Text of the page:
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Sikkim dam collapse will not slow India’s hydropower plans: R.K. Singh

Published - October 20, 2023 12:34 am IST - NEW DELHI

Govt. looking into early warning system that will aid opening of dam gates in time, says Minister

Flooded Teesta river in north Sikkim, on October 4, 2023. A sudden cloud burst over Lhonak Lake in North Sikkim resulted in a flash flood in the Teesta River in Lachen valley. | Photo Credit: PTI

The glacier lake outburst (GLOF) that triggered a flood in Sikkim and destroyed the Chungthang dam will not slow India’s reliance on hydropower, R.K. Singh, Minister for Power and Renewable Energy, has said.

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“We didn’t have an early warning system in place that would have allowed the dam’s gates to be opened. We are looking into this. However, hydropower is necessary especially when we need baseload power and a source of electricity that can be quickly ramped up or down. Many countries derive 70%-80% of their power from hydropower... The Green Revolution in India was partly due to the Bhakra Nangal (power project), so we are not going to write off hydropower as yet,” he said at a meeting on Wednesday.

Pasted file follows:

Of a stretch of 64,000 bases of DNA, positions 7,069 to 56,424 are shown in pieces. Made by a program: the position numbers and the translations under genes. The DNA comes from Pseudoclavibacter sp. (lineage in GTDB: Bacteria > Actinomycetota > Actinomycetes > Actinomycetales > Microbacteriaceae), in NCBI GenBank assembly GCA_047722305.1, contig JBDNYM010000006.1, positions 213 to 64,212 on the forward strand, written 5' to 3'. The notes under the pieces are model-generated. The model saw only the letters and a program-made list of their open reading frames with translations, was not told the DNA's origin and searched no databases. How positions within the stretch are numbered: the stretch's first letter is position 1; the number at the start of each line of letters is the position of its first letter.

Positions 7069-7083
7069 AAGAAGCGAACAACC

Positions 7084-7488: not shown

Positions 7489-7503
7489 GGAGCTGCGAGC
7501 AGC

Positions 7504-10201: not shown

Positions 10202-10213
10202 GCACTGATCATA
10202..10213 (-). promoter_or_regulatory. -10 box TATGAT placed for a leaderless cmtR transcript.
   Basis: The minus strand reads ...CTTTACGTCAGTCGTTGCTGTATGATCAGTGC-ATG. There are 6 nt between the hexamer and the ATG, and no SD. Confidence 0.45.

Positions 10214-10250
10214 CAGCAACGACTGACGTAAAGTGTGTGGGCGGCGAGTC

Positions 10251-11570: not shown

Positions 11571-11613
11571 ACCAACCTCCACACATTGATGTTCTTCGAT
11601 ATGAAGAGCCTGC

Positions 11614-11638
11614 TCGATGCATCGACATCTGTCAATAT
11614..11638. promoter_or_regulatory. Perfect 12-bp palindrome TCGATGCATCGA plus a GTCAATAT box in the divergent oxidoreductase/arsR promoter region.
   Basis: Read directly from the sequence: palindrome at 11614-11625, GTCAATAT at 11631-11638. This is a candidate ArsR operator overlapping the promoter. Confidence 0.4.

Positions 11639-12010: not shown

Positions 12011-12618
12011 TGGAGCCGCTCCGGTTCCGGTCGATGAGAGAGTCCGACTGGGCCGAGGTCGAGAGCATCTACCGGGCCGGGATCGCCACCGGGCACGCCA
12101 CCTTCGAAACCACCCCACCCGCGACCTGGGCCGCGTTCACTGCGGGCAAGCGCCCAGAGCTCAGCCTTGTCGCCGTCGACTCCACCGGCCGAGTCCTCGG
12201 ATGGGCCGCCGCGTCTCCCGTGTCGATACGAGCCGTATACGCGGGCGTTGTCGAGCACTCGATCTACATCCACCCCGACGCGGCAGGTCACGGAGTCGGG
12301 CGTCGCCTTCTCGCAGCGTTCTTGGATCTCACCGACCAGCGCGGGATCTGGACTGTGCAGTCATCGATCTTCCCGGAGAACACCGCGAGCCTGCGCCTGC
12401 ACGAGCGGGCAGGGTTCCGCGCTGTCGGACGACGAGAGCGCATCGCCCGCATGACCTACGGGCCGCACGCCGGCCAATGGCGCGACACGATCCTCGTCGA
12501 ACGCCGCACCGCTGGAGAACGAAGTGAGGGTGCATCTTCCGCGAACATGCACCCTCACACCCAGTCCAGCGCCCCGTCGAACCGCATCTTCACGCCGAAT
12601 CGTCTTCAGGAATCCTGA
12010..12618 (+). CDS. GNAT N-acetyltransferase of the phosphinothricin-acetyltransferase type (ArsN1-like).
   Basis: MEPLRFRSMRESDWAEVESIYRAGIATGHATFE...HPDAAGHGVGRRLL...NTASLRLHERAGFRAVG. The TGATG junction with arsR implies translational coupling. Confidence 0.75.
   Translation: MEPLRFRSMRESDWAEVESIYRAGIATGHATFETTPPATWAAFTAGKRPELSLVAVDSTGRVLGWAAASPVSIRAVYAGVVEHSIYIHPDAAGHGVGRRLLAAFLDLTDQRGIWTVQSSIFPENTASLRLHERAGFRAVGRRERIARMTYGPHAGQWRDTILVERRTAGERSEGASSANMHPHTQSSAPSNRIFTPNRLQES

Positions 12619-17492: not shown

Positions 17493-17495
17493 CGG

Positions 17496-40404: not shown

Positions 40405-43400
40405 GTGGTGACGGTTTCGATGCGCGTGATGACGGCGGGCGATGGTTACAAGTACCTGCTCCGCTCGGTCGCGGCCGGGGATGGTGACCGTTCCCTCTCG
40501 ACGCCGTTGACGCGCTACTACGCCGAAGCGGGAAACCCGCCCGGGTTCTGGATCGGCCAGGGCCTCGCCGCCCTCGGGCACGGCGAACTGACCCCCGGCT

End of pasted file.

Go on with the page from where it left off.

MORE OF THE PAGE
Also read | Flash floods caused ₹233.56 crore expected loss in Teesta-VI hydro project in Sikkim

The Chungthang dam, a key component of the 1,200 MW Sikkim Urja hydel power project, was destroyed along with several highways, villages, and towns in Sikkim. The quantity of water that gushed out following the lake outburst overwhelmed the dam’s spillways in minutes, rendering any attempt at opening its gates futile. Though a proper investigation is pending, early reports say that the dam wasn’t engineered to withstand flow from GLOF events.

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Scientists who have been studying the glacier lakes in the Himalayas have warned of such events and the need for early warning systems for over a decade.

The National Disaster Management Agency had in September installed automated weather stations at the South Lhonak lake (which burst) in September but these systems were not designed to warn of a sudden discharge and were only equipped to monitor weather.

India has about 100 large hydropower plants, defined as those with over 25 MW capacity, but their share in the country’s overall electricity mix has been falling and now accounts for around 12%.

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